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Asticou's Island Domain: Wabanaki Peoples at Mount Desert Island 1500-2000

Regular price $24.99

Maine has one of the longest and most unspoiled coastlines on the Atlantic. Glancing at this rugged and rocky coast stirs thoughts of the past and makes one wonder how people survived the geographic—and climatic—challenges of the place. But a more careful look reveals sandy coves and calm inlets where the first peoples of Maine made their homes seasonally since time immemorial. Here they survived by following nature’s rhythms. Here the lives of countless generations of people began and ended.

They were the ancestors of today’s Passamaquoddy, Penobscot, Maliseet and Micmac tribes. Collectively known as Wabanaki or "People of the Dawnland," they had many things in common: lifeways that fit into this unique environment, interconnected bloodlines, legends that were told at the campfire, and songs that were sung at ceremonies. Over the last 400 years, the social structure of Wabanaki peoples has undergone dramatic transformations. The coming of the European explorers, merchants and settlers brought wars and epidemics, which took heavy tolls among our peoples.

The important part of our history is that we survived this assault and are alive today to carry on the bloodlines and traditions of our ancestors. This report is a valuable piece of work. It captures important segments of the history that have been hidden under so many layers of various stories. It will serve as a reminder of the lifeways of the Wabanaki people, which are so important to understand—about our deep connection to and religious convictions about the land, rivers and ocean of this region. Reading this study, future generations of people will learn to appreciate the type of history the Wabanaki people had, adapting to an environment of extremes—a habitat that was sometimes generous but often harsh.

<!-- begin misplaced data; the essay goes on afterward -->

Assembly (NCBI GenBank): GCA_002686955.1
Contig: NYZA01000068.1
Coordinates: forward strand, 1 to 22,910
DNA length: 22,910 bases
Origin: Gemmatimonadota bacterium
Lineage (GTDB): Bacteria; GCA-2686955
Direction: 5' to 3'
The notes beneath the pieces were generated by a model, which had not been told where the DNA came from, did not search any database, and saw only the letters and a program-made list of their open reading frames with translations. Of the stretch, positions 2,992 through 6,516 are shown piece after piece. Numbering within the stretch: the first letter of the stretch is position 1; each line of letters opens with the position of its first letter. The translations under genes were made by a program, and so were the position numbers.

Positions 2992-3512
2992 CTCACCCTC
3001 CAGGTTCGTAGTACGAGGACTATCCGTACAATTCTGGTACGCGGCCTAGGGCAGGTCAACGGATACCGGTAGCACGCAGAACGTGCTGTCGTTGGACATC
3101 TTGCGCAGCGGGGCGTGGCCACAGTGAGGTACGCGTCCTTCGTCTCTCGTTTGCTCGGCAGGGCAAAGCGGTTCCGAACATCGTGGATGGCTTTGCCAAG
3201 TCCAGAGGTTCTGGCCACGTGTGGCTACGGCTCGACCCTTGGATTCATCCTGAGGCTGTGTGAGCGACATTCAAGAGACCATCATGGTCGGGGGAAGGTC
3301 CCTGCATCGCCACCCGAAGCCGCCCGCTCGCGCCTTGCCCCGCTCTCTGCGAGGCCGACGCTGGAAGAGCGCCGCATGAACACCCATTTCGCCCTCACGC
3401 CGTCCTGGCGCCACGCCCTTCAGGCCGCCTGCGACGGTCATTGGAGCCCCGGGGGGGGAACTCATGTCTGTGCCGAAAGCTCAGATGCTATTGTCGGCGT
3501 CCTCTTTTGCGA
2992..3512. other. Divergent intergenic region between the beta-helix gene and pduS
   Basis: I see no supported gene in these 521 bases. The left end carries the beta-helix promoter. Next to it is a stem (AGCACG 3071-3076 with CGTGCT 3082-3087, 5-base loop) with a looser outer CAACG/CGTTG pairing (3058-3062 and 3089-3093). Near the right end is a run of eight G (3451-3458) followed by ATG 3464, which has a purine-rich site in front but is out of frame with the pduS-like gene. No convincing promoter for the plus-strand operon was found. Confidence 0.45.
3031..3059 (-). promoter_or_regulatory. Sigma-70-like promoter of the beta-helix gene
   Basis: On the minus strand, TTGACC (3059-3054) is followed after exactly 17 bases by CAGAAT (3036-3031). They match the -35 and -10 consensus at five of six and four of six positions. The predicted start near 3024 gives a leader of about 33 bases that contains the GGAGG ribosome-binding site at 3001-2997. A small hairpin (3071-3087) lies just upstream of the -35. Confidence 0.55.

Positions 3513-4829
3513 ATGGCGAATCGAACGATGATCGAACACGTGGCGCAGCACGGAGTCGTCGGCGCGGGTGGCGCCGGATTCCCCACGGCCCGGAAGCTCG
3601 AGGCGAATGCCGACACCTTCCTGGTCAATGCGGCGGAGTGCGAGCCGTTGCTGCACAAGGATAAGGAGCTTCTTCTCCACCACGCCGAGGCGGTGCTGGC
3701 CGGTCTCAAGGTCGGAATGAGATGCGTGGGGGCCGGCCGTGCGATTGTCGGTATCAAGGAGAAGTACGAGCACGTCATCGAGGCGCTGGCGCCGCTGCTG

This historical-ethnographic overview of Acadia National Park spans almost 500 years and covers a wide coastal stretch between Penobscot and Gouldsboro Bays – and sometimes much beyond. Such breadth of coverage is necessary in order to take in the park’s center piece on Mount Desert Island, plus Isle au Haut and Schoodic Peninsula, along with various land holding arrangements (including easements) on numerous offshore sea-islands in this area. The study explores the shifting but ongoing relationship between this habitat and Wabanaki peoples – a group of northeastern Algonquian speaking ethnic groups or tribal nations today distinguished as the Abenaki, Maliseet, Mi'kmaq, Passamaquoddy and Penobscot.